The word "songkran" is derived from a Sanskrit word meaning "astrological passage" referring to change or transformation. It is aligned with the rising of the Aries astrological sign and as with many New Year dates of South and Southeast Asia, think Buddhist/Hindu solar calendar. Like most Asian ceremonies it has mythical origins involving scriptures, the number 7, a young boy solving riddles and a God's head being paraded by 7 daughters to save the world from catastrophe.
Songkran is celebrated throughout Thailand and known internationally as the biggest water fight in the world. This is when the dry season ends and the smell of sweet rain is in the air bringing with it the monsoon season that will cloak the dry ground in lush tropical greens of every shade. Lightening will flash across the skies and the boom of thunder claps rival the incessant crackling of firecrackers.
- In the central region this is the time when the locals clean their houses, dress up in colorful clothing, otherwise traditional dress and make "merit" such as offerings to the temple, releasing birds and fish and some even let their buffaloes loose.
- In the south of Thailand there are 3 Songkran rules: work as little as possible and avoid spending money, do not hurt other people or animals and do not tell lies.
- In the north Songkran is celebrated in the noisy fashion of gunfire and crackers to repel bad luck, locals make merit and bathe Buddha statues, plus pour water on the hands of their elders and ask for their blessing.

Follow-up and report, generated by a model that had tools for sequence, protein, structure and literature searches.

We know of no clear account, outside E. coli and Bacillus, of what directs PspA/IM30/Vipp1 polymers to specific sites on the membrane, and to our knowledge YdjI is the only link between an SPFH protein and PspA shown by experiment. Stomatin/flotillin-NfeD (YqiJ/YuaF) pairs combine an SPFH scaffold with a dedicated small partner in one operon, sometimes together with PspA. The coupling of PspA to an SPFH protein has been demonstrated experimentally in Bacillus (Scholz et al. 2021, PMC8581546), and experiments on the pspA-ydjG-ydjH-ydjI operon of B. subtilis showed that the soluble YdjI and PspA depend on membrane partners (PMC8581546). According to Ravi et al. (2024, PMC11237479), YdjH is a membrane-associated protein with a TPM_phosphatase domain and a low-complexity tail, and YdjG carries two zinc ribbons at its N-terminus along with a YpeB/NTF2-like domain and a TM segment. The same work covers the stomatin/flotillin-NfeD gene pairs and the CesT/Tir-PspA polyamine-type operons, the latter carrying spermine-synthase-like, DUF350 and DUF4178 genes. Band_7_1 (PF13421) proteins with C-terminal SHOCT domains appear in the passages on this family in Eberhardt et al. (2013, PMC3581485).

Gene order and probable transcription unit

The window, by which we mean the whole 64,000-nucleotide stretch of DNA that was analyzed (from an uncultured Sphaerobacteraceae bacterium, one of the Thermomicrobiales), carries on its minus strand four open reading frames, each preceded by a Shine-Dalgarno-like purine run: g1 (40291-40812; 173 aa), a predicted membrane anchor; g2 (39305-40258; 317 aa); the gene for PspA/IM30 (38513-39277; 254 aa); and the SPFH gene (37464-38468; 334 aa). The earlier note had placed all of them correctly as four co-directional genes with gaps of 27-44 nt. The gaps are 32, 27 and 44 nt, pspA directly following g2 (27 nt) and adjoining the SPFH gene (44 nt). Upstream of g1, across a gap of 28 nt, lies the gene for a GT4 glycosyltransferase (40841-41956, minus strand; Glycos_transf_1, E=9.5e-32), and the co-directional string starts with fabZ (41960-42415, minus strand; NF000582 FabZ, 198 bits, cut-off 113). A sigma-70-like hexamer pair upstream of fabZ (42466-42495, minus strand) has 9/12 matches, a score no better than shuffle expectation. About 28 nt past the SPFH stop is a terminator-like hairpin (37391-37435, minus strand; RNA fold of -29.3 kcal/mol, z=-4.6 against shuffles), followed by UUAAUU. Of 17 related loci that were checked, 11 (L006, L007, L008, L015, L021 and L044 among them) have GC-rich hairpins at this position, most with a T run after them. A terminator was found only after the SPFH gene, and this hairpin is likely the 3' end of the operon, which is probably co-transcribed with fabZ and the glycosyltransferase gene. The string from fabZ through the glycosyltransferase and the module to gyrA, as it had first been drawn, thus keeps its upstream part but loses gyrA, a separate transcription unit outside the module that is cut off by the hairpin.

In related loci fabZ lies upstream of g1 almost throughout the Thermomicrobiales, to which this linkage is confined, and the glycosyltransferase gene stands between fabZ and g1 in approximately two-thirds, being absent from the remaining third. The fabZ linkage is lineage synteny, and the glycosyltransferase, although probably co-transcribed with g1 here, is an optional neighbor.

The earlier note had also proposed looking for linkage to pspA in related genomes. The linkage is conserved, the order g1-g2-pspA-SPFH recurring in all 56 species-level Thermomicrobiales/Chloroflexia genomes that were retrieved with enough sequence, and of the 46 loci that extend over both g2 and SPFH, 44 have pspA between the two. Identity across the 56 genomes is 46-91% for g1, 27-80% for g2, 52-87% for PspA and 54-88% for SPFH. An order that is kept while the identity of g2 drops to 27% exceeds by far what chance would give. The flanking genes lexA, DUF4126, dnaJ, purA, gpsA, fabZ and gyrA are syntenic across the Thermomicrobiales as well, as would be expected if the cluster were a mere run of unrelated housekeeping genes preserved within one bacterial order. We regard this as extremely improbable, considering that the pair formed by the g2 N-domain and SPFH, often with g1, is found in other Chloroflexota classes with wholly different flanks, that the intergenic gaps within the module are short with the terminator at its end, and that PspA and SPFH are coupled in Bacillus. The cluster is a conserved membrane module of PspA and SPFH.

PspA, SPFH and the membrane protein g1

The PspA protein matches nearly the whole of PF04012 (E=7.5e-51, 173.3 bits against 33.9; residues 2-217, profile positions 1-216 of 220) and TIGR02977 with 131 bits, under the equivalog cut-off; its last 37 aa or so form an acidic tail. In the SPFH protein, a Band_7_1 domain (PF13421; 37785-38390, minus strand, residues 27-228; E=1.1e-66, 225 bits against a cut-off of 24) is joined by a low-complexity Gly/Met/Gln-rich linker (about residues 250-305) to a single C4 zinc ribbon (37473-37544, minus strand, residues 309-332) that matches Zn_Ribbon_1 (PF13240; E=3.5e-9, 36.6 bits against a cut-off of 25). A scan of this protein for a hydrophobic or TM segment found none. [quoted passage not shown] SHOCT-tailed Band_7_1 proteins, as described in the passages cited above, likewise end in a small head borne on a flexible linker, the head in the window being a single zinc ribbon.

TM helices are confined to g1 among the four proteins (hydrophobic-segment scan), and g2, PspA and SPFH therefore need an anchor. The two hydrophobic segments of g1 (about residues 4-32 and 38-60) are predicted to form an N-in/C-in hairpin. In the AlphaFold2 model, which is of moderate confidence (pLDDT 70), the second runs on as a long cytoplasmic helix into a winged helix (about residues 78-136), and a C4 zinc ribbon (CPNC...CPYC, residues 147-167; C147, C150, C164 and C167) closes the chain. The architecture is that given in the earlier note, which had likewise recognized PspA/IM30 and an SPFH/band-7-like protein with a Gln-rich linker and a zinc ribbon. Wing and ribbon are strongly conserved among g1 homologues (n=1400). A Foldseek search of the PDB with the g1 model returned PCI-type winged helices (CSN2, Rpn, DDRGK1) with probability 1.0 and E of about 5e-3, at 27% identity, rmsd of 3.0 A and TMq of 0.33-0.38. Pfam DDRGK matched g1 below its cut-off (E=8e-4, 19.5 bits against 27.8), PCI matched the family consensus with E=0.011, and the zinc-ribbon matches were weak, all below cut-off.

- Again merit is made at the local temples throughout the eastern region and specially prepared food is given to the elderly members of the family.
Songkran is also celebrated by the Malaysian Siamese community located in the states of Kedah, Kelantan, Penang, Perak, Perlis and Terengganu, as well as northeastern areas of India and in Bizu, Boisuk, Shangrai plus Boisabi in the Chittagong Hill Tracts of Bangladesh.
The iconic ritual of the day, that has now become a weekend of frivolity or in Chiang Mai's instance the water lashings can last a whole week, is the throwing of water. Originally it was a mere drop or 2 to represent the washing away of one's sins and bad luck, but this has degenerated into an all-out water war with sometimes the added pleasure of being on the receiving end of a fistful of flour. Street parades are held, copious amounts of alcohol is consumed and tourists either relish the silliness of it all and the respite from the often soaring temperatures when being doused in water, or grumble and complain and run back to their accommodation. Attire for the day may depend on where you are from swimwear to loud and lurid floral shirts.
The local Thai people celebrate by showing their generosity in food-laden tables along roadsides and in bars (think tom yum, barbecued chicken skewers, curries of all kinds and sticky rice) where music blares and the dastardly concoction of Thai whiskey is liberally handed around in shot glasses.
The police turn a blind eye to the shenanigans and the local water trucks go up and down the alleys and side streets spraying all with huge hoses.